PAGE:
In general, I consider myself a winner. Each time I overcome an obstacle, witness family achievements, wake up to coffee prepared by Hubby, or have lunch with a friend, I am reminded that I’m a big time winner. But winning recognition or a reward is not something I have experienced often during my lifetime.
My narrow definition of winning includes: 1) acquiring something for which I gave nothing in exchange, 2) coming in first, or 3) being recognized for unusual accomplishment. So, according to my definition, the lottery is excluded. Purchasing of lottery tickets must logically be categorized as high-risk investing.
Winning has happened for me a few times in my life. My first big win happened in third grade. My teacher, a person I remember mostly for her big jewelry and bright red lipstick, gave the class an assignment to write a paper about fire prevention. Then she told us we needed to do an excellent job because our writing would be entered in a contest.
As a young child I was rather uptight, and near the top of my uptight list were things like staying out of the principal’s office, pleasing my teachers, and receiving praise from my parents for good grades. Therefore, as with all assignments, I worked diligently to complete my paper. But this assignment was of more interest to me than were most assignments. Fire prevention is a big deal in Colorado, and Smokey the Bear was one of my childhood heroes, ranking right up there with Superman and Uncle Sam.
Once my paper was drafted in pencil, I carefully recopied it using my big kid dip-pen. Then I turned the paper in to the teacher and forgot about it. I already knew from almost three years in the system that writing assignments usually vanished into the vast unknown, never to be seen again.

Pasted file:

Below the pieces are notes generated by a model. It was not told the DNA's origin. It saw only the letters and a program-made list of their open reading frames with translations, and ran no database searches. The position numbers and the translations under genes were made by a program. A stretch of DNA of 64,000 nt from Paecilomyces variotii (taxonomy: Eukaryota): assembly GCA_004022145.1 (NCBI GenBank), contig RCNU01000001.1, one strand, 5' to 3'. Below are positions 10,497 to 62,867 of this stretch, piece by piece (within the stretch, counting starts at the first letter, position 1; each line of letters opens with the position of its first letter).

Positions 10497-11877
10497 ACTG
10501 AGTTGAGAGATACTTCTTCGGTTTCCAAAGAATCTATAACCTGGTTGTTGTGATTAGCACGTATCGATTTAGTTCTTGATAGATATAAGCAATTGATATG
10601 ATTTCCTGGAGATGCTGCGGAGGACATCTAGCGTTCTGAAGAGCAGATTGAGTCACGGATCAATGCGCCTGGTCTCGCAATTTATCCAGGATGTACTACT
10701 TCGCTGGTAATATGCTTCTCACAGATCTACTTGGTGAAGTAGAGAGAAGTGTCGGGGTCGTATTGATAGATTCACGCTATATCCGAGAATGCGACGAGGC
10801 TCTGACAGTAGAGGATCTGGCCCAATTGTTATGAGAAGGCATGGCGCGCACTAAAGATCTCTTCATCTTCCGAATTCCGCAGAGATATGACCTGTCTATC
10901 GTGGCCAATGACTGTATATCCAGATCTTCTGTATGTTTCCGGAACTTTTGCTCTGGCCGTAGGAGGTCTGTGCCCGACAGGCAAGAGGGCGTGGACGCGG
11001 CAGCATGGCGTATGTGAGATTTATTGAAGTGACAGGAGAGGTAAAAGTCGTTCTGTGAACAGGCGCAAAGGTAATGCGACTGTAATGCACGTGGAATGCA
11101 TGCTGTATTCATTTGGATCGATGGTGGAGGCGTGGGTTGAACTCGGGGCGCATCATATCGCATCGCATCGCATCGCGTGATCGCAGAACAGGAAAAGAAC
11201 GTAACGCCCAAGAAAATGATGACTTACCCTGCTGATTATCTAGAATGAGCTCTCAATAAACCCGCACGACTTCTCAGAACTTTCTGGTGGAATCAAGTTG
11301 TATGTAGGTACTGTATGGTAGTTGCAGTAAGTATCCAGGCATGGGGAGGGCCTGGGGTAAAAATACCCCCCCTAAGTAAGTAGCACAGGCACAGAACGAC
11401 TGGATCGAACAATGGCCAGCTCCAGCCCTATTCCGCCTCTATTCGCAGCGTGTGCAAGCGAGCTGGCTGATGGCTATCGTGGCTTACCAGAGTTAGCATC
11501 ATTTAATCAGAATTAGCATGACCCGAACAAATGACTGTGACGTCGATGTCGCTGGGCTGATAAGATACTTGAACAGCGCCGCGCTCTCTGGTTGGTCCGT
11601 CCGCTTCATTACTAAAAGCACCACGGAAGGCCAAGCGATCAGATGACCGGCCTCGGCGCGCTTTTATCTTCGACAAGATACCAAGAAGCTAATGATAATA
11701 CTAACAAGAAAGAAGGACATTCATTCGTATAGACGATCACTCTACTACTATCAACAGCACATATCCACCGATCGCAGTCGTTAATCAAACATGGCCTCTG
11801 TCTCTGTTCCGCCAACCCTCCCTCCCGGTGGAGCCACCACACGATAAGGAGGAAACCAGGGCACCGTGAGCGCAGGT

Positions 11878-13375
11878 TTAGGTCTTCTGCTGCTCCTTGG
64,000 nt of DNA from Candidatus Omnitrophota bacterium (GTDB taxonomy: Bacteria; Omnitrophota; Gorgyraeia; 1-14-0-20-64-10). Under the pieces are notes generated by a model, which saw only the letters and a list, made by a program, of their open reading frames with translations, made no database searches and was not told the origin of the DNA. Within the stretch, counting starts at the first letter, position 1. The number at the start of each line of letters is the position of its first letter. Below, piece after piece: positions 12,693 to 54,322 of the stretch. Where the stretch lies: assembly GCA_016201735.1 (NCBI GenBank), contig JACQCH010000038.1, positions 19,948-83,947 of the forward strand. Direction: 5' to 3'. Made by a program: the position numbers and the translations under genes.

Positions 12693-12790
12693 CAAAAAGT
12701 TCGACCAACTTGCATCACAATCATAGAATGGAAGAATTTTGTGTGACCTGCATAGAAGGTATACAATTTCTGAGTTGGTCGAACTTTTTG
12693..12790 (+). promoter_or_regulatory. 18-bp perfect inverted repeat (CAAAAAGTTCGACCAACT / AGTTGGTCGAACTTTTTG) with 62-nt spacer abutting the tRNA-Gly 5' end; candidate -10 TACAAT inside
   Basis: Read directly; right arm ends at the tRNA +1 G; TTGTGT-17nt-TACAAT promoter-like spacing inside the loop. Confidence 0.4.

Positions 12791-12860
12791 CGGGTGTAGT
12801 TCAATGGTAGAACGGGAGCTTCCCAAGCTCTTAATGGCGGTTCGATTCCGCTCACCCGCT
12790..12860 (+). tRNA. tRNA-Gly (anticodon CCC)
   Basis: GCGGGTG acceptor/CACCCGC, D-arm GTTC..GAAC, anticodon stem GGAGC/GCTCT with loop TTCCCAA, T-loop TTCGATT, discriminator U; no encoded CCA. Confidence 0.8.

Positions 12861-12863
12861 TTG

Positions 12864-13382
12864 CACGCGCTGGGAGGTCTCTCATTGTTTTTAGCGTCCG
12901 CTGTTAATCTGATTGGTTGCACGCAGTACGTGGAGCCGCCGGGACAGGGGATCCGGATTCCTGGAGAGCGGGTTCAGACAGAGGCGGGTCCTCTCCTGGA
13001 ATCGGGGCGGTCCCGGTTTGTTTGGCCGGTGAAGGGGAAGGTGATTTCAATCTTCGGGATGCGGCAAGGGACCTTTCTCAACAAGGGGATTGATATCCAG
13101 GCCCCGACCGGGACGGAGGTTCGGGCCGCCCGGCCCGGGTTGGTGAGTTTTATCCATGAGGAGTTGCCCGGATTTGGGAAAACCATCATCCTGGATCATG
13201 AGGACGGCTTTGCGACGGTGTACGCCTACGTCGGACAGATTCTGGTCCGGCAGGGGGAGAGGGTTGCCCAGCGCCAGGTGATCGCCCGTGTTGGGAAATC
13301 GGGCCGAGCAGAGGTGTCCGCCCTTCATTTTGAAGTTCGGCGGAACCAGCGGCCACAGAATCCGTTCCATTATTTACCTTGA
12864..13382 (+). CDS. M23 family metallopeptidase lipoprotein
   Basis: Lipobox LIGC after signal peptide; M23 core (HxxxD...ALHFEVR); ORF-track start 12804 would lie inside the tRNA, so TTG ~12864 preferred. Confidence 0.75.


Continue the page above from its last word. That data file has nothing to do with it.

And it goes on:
Imagine my surprise a few weeks later when Mrs. H. stood before the class and announced that winners of the fire prevention writing contest had been chosen. I came in second. My prize? Along with the first and third place winners, I was invited to read my winning essay on a Saturday morning radio show. My dad’s prize was to drive me to the station, wait through a long rehearsal, and stick around until the show was over.
Subsequent winnings have been few, but special enough to me that I will mention them here. My sixth-grade pencil sketch titled, “Llama,” won first place for my school and was displayed at the Fine Arts Center; at a home show my name was drawn to receive a beautifully matted and framed picture; and during conferences and meetings I attended, I was chosen to cart home such things as a science fiction novel, a certificate for a complete dental check-up, and a bouquet of flowers.
Recently, I won again. Just a few days ago I received an email that read: “Congratulations! You were the 10,000th visitor to the blog, String Too Short to Tie. You have won this email from the owner of the blog, who appreciates your patronage.”
This is my brother’s blog and I am a faithful reader. Among his writings one will find original essays, historical accounts, trips down memory lane, humorous personal experiences, biographical sketches, reports of notable events, and descriptions of interesting places. You might enjoy visiting Dave at: http://vanilla-ststt.blogspot.com/